By Geoff Wilson and Helen Davison
Some firms are warning parents to beware when objecting to a review by the Child Support Registrar in relation to a child support assessment, called a departure application, following a recent decision of the Full Family Court of Australia Child Support Registrar v Ahern and Anor  FamCAFC 105.
In this Alert, Geoff Wilson and Helen Davison discuss this case and the implications for parents paying or receiving child support via the Child Support Agency.
What are the facts of the case?
In this case a father objected to his child support assessment for the period 1 May to 29 July 2010 and lodged a departure application with the Child Support Registrar (the Registrar). Not happy with the Registrar’s decision, the father appealed to the Social Security Appeals Tribunal (SSAT). The SSAT set aside the Registrar’s decision and substituted it for their decision for the periods 1 May to 30 June 2010 and 1 July 2010 to 30 June 2013. Because the SSAT made a decision about a period of 3 years which was not contained in the father’s departure application the father appealed to the Federal Circuit Court.
Judge Scarlett of the Federal Circuit Court agreed with the father and said that the SSAT by considering other periods outside the father’s departure application was opening a “Pandora’s Box” because that would mean that the SSAT would have the power to make decisions about matters not in issue between the parties. The Registrar appealed the decision to the Full Court of the Family Court.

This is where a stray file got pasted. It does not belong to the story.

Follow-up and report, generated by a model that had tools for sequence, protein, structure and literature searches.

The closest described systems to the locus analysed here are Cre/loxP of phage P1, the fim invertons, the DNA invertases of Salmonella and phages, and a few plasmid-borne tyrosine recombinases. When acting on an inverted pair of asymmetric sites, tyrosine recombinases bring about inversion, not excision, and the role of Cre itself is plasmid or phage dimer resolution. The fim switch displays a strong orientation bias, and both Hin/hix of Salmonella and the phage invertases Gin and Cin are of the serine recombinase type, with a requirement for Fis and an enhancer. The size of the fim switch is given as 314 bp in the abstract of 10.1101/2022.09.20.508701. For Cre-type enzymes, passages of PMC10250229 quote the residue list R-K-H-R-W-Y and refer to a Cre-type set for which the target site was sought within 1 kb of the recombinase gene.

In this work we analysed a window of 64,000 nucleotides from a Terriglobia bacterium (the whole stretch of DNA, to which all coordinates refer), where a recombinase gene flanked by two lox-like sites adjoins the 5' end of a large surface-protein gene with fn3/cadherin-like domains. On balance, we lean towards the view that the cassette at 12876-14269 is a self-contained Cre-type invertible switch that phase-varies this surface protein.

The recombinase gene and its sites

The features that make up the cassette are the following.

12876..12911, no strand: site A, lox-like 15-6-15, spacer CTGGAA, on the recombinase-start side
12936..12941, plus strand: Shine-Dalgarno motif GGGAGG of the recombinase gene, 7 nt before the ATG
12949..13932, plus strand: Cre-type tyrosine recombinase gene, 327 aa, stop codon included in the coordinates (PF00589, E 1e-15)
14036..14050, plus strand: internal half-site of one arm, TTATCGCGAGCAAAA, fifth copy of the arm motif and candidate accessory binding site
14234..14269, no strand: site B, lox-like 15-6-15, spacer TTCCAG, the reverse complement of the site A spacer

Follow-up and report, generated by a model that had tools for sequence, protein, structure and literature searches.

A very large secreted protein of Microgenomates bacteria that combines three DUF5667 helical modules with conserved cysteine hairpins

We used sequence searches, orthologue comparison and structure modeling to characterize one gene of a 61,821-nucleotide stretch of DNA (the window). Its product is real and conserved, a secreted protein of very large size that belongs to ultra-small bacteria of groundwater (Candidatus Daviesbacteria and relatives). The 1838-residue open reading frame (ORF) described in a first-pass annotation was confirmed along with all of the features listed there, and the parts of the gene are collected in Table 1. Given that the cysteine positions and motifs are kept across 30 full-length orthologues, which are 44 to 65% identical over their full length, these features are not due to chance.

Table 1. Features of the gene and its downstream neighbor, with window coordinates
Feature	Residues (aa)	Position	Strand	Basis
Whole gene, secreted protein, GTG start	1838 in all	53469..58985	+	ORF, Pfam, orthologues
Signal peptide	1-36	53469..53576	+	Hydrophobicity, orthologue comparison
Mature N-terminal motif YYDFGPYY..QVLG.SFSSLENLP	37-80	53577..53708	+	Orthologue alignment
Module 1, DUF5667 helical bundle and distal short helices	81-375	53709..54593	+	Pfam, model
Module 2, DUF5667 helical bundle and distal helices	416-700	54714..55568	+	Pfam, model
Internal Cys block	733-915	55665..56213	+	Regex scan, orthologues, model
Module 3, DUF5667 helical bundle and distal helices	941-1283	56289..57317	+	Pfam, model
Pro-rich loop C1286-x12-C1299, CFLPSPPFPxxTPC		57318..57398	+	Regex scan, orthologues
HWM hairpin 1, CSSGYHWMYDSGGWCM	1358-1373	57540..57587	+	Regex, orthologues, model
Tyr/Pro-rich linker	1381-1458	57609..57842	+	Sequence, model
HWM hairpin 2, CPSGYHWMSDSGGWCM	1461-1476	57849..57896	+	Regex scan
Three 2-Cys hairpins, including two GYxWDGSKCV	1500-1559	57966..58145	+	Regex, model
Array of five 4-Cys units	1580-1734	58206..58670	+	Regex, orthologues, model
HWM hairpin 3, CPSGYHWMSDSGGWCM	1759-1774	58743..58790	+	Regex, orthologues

The issue for the Full Court became whether the SSAT had the power to determine the amount of child support payable for periods other than the particular period which was the subject of the Registrar’s decision.
What did the Full Court decide?
The Full Court of the Family Court decided that under the relevant child support legislation the Registrar has the power to make determinations for different periods when deciding departure applications. The Full Court also held that the SSAT may for the purposes of reviewing an original decision by the Registrar exercise all the powers of the Registrar, meaning it also has the power to make decisions about different periods to that contained in the departure application. The only requirement is that the Registrar and SSAT exercise procedural fairness by ensuring that the period of review is clearly identified.
The Full Court concluded by saying “Thus even at the initial stage of the departure application, the ‘Pandora’s box’ which was of concern by Judge Scarlett in his reasons for judgement in this case, will have been opened.”
How could this decision affect you?
This decision is significant because up until this case it was assumed by most lawyers that when a person objects to a child support assessment that the Registrar and the SSAT only had the power to consider the period contained in their departure application and could not review different periods.
If you receive a child support assessment for a specific period which you are unhappy with it is now vital that you consider the benefit of objecting to that assessment verses the risk that the entire or a another part of the period that you have been paying or receiving child support could be reviewed. While there will certainly be times when it is necessary to object to a child support assessment, the decision should be made in consultation with a lawyer who specialises in family law to advise you on the risks involved and to assist with the drafting of the departure application. This is particularly important if you have been paying or receiving child support for several years or the amount of child support paid is significant as the impact of the Registrar or SSAT opening ‘Pandora’s box’ will be even greater for you.